Work-related homicide rates highest among cabbies, cops
April 05, 2000
Taxicab drivers and chauffeurs face the highest on-the-job homicide rate of any occupation. In 1998, there were 17.9 homicides per 100,000 workers in these occupations, or about 36 times the risk among all employed persons.
Public police and detectives suffered the second-highest occupational fatality rate from homicide, 4.4 fatalities per 100,000 workers. Homicides led all other causes of death among police in the 1992-98 period, accounting for almost half of all their fatalities.
The rate of fatalities among private police was 4.1 per 100,000; this was not significantly different from the rate among public police. Their similar risk reflects the similarities of duties.
These data are products of the Census of Fatal Occupational Injuries. Learn more about workplace homicides in "Work-related Homicides: The Facts" (PDF 76K), by Eric F. Sygnatur and Guy A. Toscano in the Spring 2000 issue of Compensation and Working Conditions.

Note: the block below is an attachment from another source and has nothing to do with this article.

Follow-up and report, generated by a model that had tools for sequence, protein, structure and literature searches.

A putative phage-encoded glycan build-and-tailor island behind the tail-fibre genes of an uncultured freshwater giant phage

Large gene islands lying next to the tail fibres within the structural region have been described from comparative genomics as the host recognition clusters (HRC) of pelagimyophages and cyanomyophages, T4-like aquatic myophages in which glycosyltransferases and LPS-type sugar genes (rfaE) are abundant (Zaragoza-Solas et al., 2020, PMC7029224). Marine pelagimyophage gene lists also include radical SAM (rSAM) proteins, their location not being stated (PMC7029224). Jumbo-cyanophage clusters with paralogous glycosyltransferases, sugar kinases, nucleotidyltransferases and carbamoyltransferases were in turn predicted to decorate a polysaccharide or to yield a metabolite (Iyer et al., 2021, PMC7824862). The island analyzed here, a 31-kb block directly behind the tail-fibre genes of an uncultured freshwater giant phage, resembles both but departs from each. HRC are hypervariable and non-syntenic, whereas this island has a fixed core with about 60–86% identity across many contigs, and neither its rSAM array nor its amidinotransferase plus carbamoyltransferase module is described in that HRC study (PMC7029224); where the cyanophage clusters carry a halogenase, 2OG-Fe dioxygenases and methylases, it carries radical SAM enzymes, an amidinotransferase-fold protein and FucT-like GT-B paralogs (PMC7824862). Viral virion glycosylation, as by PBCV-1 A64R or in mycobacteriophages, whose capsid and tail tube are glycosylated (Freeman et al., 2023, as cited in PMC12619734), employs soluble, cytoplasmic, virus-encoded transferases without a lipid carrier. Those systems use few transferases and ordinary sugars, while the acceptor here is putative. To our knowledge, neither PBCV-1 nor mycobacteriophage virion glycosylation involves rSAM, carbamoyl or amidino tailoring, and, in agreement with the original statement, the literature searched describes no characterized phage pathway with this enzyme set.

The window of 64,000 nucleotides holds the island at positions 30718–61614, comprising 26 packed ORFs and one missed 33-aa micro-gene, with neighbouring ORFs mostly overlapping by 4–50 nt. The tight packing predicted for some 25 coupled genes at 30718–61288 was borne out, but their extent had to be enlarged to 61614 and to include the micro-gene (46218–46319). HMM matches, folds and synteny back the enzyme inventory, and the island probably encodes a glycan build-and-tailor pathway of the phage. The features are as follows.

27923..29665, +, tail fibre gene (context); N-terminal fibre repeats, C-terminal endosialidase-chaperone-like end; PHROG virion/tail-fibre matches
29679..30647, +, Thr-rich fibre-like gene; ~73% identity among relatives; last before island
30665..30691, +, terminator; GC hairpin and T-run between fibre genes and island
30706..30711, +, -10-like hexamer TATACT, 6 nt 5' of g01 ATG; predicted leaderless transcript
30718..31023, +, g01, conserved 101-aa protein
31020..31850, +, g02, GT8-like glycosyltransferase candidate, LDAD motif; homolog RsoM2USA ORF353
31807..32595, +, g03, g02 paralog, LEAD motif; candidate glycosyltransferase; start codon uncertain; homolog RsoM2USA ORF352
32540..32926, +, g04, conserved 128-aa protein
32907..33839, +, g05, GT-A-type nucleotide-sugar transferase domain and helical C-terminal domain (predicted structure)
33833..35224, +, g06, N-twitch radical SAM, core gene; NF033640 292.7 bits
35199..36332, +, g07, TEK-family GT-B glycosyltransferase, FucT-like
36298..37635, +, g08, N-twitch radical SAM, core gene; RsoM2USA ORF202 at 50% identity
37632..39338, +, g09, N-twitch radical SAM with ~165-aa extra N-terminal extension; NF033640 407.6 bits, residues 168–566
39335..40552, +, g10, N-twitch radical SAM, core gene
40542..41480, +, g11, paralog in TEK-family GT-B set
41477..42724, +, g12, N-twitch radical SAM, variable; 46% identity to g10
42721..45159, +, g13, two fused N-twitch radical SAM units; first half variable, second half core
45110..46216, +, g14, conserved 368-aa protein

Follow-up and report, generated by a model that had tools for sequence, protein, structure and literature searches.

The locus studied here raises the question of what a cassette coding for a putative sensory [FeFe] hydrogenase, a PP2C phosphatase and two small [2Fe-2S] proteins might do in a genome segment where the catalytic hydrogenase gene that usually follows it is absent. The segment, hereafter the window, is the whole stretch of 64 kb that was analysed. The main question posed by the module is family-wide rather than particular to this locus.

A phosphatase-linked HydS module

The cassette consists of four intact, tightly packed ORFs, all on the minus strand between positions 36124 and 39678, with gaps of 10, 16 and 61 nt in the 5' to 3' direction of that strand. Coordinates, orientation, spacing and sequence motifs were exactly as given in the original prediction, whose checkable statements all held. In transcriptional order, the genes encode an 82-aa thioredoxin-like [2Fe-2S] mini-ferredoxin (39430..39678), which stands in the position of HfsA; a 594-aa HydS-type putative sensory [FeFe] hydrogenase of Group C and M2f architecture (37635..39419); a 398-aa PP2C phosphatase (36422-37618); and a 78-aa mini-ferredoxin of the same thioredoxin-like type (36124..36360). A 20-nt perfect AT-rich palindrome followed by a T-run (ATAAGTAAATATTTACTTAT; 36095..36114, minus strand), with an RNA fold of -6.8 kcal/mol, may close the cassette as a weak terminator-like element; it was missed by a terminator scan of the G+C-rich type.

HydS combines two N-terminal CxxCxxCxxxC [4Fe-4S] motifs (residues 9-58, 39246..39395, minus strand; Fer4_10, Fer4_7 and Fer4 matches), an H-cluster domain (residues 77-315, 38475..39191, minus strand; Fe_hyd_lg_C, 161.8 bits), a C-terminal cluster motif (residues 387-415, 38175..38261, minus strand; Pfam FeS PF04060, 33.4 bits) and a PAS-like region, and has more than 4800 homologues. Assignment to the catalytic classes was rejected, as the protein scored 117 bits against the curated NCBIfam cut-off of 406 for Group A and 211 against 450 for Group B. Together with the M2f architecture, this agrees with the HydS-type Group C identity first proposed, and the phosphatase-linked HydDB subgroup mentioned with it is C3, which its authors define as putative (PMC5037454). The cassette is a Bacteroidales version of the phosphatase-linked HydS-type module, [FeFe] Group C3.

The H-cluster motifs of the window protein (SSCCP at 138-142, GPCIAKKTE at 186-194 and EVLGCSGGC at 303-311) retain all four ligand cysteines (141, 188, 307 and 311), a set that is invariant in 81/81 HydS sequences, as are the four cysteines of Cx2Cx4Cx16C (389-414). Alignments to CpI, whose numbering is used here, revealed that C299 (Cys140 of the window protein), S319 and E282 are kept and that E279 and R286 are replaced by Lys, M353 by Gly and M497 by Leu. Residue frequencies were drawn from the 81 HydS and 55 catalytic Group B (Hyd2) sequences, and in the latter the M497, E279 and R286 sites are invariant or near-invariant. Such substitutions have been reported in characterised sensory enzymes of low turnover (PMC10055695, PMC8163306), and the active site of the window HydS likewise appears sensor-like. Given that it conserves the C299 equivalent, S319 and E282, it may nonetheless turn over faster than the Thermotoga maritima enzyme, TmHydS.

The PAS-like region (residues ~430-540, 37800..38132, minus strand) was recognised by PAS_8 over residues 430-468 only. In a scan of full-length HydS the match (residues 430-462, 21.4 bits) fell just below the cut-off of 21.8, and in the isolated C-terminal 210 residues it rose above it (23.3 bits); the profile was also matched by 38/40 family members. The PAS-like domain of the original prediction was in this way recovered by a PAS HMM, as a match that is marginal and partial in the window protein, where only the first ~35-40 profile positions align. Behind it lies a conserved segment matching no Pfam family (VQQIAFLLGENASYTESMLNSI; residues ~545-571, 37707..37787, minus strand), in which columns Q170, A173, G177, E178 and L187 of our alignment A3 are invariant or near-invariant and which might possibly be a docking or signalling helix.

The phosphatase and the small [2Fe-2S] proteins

Bureau of Labor Statistics, U.S. Department of Labor, The Economics Daily, Work-related homicide rates highest among cabbies, cops on the Internet at http://www.bls.gov/opub/ted/2000/apr/wk1/art03.htm (visited April 02, 2015).
Three recent editions of Spotlight on Statistics
Trends in long-term unemployment
Long-term unemployment reached historically high levels following the recession of 2007–2009.
Housing: before, during, and after the Great Recession
looks at consumer expenditures on household items, employment in residential construction, prices for household items, and injuries in occupations involved in building and maintaining our homes.
Women veterans in the labor force examines the demographic, employment, and unemployment characteristics of women veterans.